Our findings showed a tendency of the initial combination therapy to improve the outcomes for immunocompromised patients with PCP. However, we did not find significant differences in the survival rate among the three groups. We speculate that this might be because the patients we enrolled presented a more severe clinical picture with coinfections and invasive mechanical ventilation. Inconsistent with previous studies, our study showed a higher coinfection rate in approximately 74.19% of the patients, among whom 15.05% (n = 14) had pulmonary aspergillosis and 23.65% (n = 22) had CMV infections. In the previous literature, coinfections are considered indicators of poor prognosis, particularly when CMV infection or pulmonary aspergillosis develops [30, 31]. Additionally, nearly half (43.01%) of the enrolled patients required invasive mechanical ventilation, with an average oxygenation index of 113.02 ± 53.09. Boonsarngsuk’s study  showed that the mortality rates do not differ widely, especially when the disease progresses to acute respiratory failure requiring mechanical ventilation. Finally, we found that the group that received monotherapy had lower serum BDG levels than the combination groups. Although previous studies have not found a correlation between serum BDG and disease severity, BDG levels can reflect the fungal load in the lungs [33, 34]. We speculate that this may also be related to the lack of a significant difference in mortality with early combination therapy compared with monotherapy.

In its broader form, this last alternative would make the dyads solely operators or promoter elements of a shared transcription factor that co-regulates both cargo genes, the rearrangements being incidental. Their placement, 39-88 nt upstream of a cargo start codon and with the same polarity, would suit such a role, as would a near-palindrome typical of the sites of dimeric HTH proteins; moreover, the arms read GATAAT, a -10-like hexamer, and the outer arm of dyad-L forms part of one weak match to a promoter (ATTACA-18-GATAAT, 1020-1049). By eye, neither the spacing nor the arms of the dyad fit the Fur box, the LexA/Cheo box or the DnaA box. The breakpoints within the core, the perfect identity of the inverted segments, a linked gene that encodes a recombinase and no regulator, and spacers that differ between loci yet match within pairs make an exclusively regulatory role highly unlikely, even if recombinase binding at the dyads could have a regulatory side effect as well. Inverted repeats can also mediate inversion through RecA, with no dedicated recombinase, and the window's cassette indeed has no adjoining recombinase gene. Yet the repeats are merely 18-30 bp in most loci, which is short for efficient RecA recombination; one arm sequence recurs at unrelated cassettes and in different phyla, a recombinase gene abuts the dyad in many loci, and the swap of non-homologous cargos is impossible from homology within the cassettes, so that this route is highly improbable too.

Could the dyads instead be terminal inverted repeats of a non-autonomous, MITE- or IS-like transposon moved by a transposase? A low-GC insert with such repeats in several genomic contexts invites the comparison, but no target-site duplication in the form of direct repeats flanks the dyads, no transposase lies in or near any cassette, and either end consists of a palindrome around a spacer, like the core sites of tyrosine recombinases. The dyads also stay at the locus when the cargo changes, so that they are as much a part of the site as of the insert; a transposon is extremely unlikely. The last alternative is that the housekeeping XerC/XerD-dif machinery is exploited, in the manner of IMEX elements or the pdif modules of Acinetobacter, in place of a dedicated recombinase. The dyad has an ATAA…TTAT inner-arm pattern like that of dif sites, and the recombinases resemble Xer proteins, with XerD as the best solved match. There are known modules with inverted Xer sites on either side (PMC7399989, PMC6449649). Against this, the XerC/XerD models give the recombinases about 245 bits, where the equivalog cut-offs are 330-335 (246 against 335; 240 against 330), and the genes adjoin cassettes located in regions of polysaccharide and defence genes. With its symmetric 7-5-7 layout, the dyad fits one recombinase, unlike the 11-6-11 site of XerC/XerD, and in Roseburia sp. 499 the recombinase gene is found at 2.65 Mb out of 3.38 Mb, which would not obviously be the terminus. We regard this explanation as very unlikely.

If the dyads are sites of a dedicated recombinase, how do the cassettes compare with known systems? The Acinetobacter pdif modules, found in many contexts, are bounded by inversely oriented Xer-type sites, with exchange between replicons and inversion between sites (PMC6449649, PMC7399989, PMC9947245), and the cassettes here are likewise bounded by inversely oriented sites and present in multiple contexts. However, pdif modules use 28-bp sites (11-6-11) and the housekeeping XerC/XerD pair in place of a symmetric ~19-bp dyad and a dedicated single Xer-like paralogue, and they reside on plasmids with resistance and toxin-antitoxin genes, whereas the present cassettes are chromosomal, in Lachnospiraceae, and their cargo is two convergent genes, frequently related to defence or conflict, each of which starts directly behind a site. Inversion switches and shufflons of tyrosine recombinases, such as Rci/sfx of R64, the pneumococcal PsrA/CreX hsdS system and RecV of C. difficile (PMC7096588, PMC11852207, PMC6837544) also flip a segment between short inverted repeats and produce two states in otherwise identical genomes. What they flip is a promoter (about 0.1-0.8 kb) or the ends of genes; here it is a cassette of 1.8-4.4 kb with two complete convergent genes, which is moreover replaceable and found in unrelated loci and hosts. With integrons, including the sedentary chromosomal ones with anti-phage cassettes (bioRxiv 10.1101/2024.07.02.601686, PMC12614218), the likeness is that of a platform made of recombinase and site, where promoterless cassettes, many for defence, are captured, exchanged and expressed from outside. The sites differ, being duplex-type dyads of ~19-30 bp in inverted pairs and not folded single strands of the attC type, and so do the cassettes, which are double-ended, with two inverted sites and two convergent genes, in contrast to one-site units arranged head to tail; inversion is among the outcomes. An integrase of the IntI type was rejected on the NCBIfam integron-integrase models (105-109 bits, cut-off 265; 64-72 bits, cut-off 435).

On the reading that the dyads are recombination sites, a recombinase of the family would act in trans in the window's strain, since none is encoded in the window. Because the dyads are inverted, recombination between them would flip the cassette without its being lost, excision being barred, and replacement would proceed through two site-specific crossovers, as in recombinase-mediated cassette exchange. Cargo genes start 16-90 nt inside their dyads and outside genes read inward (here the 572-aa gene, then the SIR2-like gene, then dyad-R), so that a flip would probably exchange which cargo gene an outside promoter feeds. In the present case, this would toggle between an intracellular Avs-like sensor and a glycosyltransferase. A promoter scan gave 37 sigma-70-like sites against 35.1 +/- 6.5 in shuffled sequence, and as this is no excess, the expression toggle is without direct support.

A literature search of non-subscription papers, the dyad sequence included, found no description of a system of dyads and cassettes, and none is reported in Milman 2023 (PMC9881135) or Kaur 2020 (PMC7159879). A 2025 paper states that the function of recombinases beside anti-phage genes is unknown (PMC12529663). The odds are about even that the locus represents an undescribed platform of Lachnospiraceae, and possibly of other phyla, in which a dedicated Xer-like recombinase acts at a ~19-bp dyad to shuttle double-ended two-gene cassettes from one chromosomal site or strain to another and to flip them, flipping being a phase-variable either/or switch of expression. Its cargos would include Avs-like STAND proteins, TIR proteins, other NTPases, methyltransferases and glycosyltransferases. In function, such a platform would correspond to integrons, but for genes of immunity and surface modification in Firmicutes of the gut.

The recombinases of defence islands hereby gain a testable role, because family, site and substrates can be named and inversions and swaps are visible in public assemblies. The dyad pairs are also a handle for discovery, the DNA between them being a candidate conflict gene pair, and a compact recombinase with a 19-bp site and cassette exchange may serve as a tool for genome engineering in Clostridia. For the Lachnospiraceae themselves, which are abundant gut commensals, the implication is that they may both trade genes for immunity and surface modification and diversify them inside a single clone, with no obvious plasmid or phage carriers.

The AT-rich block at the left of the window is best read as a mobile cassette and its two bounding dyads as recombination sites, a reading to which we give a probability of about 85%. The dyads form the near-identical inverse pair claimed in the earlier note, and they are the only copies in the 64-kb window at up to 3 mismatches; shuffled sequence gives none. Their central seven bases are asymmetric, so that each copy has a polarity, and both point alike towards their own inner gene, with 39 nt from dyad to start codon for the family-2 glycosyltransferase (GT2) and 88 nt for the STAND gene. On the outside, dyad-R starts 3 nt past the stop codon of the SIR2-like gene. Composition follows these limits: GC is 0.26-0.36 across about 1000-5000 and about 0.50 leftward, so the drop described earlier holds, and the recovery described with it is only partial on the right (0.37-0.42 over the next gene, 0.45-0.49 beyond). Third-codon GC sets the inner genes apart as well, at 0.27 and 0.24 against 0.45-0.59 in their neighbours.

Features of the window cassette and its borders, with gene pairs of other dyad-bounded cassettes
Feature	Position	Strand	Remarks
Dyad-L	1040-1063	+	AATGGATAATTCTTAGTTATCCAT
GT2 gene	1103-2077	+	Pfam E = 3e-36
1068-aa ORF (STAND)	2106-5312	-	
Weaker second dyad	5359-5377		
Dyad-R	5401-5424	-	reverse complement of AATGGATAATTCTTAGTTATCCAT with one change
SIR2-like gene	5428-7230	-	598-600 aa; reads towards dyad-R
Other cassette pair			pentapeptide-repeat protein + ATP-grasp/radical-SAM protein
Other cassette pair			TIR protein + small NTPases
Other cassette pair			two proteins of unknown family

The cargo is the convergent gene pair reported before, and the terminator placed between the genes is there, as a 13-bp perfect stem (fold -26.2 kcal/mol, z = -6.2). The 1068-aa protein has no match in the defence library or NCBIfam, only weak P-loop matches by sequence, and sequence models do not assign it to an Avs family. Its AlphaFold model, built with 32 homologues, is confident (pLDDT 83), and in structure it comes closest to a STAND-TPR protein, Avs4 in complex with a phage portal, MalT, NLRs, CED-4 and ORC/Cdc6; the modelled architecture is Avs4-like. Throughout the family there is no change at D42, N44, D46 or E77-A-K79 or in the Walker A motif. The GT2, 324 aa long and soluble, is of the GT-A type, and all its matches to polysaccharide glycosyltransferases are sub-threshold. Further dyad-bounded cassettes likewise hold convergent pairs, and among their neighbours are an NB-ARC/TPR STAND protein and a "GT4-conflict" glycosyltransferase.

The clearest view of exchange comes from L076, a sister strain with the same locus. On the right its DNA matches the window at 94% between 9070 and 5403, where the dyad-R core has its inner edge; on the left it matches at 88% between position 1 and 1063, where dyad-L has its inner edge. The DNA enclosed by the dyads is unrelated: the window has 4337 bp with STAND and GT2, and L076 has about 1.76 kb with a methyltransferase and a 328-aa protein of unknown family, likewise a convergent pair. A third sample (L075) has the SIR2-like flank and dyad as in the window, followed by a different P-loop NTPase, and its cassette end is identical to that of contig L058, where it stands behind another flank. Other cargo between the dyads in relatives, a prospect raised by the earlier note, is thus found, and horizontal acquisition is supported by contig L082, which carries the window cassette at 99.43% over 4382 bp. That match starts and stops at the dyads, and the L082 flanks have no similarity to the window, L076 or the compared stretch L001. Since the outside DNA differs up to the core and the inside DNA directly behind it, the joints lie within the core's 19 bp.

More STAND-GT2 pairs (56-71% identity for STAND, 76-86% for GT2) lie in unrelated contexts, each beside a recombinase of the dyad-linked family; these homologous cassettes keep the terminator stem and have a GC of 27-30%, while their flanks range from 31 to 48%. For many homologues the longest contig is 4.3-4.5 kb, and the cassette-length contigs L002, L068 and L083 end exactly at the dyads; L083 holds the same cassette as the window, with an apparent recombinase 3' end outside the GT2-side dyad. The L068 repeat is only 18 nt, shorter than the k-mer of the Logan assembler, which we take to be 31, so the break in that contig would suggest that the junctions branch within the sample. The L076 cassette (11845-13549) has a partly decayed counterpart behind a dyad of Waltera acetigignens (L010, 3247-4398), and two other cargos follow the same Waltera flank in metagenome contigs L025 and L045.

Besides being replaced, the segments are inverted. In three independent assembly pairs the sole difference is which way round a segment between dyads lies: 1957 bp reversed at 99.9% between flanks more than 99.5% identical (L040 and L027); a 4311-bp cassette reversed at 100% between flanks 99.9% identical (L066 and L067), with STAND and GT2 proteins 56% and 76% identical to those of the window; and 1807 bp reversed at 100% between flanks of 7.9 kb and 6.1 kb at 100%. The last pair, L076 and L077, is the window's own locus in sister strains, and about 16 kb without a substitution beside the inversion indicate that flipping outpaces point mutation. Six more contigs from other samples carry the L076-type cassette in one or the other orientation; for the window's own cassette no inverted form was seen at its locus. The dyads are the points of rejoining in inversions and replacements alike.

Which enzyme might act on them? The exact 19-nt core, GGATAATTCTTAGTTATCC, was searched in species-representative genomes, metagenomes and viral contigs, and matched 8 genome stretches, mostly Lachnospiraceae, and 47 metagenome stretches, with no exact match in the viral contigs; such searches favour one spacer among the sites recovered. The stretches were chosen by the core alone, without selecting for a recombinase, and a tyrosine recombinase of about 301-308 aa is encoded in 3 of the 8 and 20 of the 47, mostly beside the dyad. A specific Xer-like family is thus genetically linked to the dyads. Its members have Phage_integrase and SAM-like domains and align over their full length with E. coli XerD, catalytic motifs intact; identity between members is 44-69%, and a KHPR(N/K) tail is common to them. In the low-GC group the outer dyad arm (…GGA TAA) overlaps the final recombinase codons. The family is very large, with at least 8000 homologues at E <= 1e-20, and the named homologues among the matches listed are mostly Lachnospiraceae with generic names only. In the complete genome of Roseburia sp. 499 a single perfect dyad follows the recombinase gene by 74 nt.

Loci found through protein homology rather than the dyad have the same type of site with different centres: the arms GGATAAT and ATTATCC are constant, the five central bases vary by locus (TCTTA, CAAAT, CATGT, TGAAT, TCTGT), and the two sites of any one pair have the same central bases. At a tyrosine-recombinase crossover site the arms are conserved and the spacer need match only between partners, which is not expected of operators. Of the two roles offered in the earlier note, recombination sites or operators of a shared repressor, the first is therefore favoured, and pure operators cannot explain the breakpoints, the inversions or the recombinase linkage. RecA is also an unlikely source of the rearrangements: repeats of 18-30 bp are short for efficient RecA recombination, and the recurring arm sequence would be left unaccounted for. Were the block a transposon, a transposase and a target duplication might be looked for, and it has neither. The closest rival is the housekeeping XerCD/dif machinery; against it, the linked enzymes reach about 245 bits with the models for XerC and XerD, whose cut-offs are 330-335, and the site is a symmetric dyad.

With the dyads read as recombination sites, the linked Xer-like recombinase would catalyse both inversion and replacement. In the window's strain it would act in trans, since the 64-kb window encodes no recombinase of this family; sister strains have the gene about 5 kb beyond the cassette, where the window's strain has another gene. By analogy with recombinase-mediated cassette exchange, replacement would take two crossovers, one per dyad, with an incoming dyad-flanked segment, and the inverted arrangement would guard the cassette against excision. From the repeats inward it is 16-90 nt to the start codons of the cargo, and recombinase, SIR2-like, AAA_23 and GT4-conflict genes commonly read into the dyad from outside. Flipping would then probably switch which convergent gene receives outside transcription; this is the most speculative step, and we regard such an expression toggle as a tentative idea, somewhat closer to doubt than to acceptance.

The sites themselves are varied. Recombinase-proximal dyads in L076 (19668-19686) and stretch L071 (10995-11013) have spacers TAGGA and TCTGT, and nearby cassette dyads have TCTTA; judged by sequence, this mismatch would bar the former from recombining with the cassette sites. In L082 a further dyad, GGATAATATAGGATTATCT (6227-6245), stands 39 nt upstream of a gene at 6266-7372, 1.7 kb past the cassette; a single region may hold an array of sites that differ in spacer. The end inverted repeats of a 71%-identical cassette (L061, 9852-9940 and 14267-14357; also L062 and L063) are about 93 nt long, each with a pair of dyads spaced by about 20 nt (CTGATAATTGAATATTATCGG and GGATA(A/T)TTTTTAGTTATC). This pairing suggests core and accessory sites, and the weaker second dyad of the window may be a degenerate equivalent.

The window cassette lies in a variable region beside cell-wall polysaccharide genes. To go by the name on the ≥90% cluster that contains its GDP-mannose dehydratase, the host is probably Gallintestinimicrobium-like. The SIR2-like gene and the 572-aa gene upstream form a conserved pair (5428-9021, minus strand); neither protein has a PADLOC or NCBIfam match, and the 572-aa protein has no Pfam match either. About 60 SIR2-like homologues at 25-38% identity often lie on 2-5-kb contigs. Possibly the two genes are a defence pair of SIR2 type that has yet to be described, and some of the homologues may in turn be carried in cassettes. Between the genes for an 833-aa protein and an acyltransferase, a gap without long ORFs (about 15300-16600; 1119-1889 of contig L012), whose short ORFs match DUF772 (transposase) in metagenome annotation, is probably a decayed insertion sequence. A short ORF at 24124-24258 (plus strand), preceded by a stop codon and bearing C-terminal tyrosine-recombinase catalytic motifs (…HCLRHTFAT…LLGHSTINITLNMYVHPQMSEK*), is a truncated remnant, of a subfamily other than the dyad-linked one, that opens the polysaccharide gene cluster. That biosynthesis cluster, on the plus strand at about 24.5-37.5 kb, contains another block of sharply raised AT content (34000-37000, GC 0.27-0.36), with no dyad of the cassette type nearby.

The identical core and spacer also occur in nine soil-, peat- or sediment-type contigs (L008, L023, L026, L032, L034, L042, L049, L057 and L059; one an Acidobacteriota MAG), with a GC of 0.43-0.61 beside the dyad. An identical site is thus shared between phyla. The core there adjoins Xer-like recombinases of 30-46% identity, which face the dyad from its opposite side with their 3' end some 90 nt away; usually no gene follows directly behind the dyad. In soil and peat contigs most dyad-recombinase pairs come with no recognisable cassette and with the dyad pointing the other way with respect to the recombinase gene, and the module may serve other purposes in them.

There is still a need for more in-depth research, as an increasing number of individuals are being immunosuppressed for autoimmune diseases and organ transplantation.
Importantly, in terms of drug side effects, none of the patients had serious adverse events from caspofungin therapy, which is consistent with a previous study . However, the combination therapy of caspofungin and TMP/SMZ does not increase the incidence,